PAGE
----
Nobel Prize Recipient, Author. He received world-wide recognition as a prolific Polish author in the last quarter of the 19th century and into the 20th century. "For his notable merits as an epic writer" he received the 1905 Nobel Prize for Literature. Born Henryk Adam Alexander Pius Sienkiewicz in the Russian controlled part of Poland, his family was politically involved with seeking the independence of Poland from the Russian Empire and the Tsar. His family had to move to Warsaw almost penniless after abandoning their family's palace and estate when the Russians came in control of Poland. He studied literature, history, and psychology at Warsaw University before becoming a journalist in Poland's largest newspaper in 1872. In this Polish university, all the classes were compulsorily taught in the Russian language, hence limiting a Polish student's learning. He traveled to South America and Africa as a newspaper correspondent. Much of his writings testify his allegiance to Poland, illustrating his strong social conscience in a satirical tone. He was an advocate of realistic literature in the spirit of positivism instead of naturalist psychology. His first novel was “In Vain” in 1872 and his first of many short stories was “An Old Retainer” in 1875. In 1876 he traveled to Anaheim, California with a group of Polish actors, artists and writers including actress Helena Modjeska and her family. Many were escaping political persecution. While in California, he wrote articles for Polish newspapers using the pen name of “Litwos” for his safety. For various reasons, some stayed in California while others, including him, decided to return to Poland after one year. He took a long stay in Paris, France before returning to Poland by 1879. He married three times. His first wife was Maria Szatkiewiczowna, who was the mother of his two children and died from tuberculosis four years after their 1881 wedding. Though in his thirties, he feared tuberculosis visiting European health spas. His travels provided him with information for his writings, such as his 1882 short story “The Lighthouse Keeper.” Upon his return to Poland, he wrote his historical trilogy about Poland in the 17th Century: “With Fire and Sword” in 1884, “The Deluge” in 1886 and “Pan Machael” in 1888. These followed with a more contemporary piece, “Without Dogma” in 1891 and a novel about peasants, “Children of the Soil” in 1894. His most successful novel, “Quo Vadis”, inspired by his stay in Rome, was written in 1895 and covered the subject of Christian persecutions at the time of Nero. Translated to English, the title is “Where are you going?” He used the Bible verse John 13:36 as his source: Simon Peter said to him, “Lord, where are you going?” Jesus answered him,“Where I am going you cannot follow me now, but you will follow afterward.” He returned to Polish history with ”Teutonic Knights” in 1900. In 1902, to celebrate his 30th anniversary of being a successful Polish writer, the citizens of Poland raised funds to purchase him a grand home, where he lived until 1914. Some sources state this was his ancestral home while others state it was built for him in 1902. Today, the beautiful home with his furnishings is The Henryk Sienkiewicz Museum in Oblegorek, and houses his desk and pen, family photographs and portraits, a few of his daughters paintings, and 22 paintings by Piotr Stachiewicz, telling the story line of his award-winning “Quo Vadis.” These painting were thought lost during World War II, but later found in a private collection on display since 1953 in the Detroit Institute of Art in Michigan, and eventually, returned to Poland for the museum. In 1909 he wrote “Wiry,” an unsuccessful political novel about Russian socialism and Poland. He wrote a sequel to his trilogy “On the Field of Glory” in 1910. Dealing with contemporary subjects, his last pieces were “Whirlpools” in 1910 and for younger readers, “In Desert and Wilderness” in 1912, which was adapted to a movie in 1973. Besides writing, his other activities included supporting education with scholarships, such as funding the Maria Sienkiewicz Scholarship, which was offered only to educated men living in impoverish conditions. He became involved with erecting a statue for the Polish writer, Adam Mickiewicz. With the outbreak of World War I, he escaped to Switzerland with his family, where he organized the General Committee for Assistance to War Victims of Poland. During the war, he died in Switzerland. He was cremated and his ashes returned to Poland, where a huge funeral was held in a train station. A complete 60-volume edition of his writings was published between 1948 to 1955. Although his novels have vivid fictitious characters, rich descriptions of adventure, and a surprising ending, some lack in historical accuracy; no one could learn history from his novels. His piece, “Quo Vadis” was translated into forty languages including English and was adapted for a 1909 opera and for films in 1909, 1913, 1951 with eight Academy Award nominations, and more recently in 2001. Poland declared 2016 the Year of Sienkiewicz as it was the 100th anniversary of his death.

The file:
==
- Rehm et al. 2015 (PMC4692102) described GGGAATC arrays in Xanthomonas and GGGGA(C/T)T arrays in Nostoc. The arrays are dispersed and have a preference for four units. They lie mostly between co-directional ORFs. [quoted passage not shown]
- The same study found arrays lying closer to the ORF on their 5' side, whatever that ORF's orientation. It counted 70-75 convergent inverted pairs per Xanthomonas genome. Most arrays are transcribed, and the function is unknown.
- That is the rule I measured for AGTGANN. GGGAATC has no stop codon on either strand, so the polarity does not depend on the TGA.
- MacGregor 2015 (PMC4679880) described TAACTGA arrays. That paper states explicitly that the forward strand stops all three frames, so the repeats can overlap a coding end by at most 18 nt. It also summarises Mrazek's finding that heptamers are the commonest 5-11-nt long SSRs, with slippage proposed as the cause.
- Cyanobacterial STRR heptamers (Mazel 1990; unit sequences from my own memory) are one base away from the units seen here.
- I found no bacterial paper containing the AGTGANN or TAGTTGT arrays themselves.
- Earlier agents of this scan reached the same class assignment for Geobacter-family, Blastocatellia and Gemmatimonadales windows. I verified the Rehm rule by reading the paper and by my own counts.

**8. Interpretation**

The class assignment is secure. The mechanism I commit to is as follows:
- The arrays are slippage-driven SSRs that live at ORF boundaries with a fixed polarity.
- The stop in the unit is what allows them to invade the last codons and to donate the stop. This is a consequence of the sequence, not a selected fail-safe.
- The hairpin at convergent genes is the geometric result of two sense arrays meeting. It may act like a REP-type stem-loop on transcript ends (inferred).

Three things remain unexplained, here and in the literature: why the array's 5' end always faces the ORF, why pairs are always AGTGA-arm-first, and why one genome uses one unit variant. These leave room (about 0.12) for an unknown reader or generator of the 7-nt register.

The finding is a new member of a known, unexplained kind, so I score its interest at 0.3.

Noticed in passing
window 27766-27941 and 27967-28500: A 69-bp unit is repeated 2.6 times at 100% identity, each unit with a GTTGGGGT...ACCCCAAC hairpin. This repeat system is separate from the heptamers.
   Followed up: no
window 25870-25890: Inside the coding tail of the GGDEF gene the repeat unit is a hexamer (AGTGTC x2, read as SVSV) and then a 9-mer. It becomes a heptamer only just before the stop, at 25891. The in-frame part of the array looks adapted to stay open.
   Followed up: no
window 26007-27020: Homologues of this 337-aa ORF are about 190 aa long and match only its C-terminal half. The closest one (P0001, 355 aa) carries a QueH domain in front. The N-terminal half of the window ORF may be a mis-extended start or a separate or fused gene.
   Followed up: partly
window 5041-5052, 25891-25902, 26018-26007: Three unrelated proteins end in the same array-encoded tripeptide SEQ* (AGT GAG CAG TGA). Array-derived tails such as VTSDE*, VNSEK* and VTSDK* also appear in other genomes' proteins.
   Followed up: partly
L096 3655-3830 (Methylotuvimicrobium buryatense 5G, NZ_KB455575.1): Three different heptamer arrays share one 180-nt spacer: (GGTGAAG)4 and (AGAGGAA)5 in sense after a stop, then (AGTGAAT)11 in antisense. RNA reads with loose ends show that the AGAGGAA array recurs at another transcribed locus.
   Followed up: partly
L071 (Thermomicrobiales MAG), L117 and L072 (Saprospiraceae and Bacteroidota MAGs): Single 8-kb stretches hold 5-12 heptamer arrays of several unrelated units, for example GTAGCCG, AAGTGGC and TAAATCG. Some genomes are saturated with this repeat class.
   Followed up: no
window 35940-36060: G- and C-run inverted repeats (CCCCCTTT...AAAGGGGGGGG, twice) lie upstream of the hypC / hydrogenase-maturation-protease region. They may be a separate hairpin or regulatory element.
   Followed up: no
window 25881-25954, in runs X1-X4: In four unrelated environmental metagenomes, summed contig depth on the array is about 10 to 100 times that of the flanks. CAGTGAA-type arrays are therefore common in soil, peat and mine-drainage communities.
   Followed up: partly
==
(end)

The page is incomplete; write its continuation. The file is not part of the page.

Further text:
Bio by: Linda Davis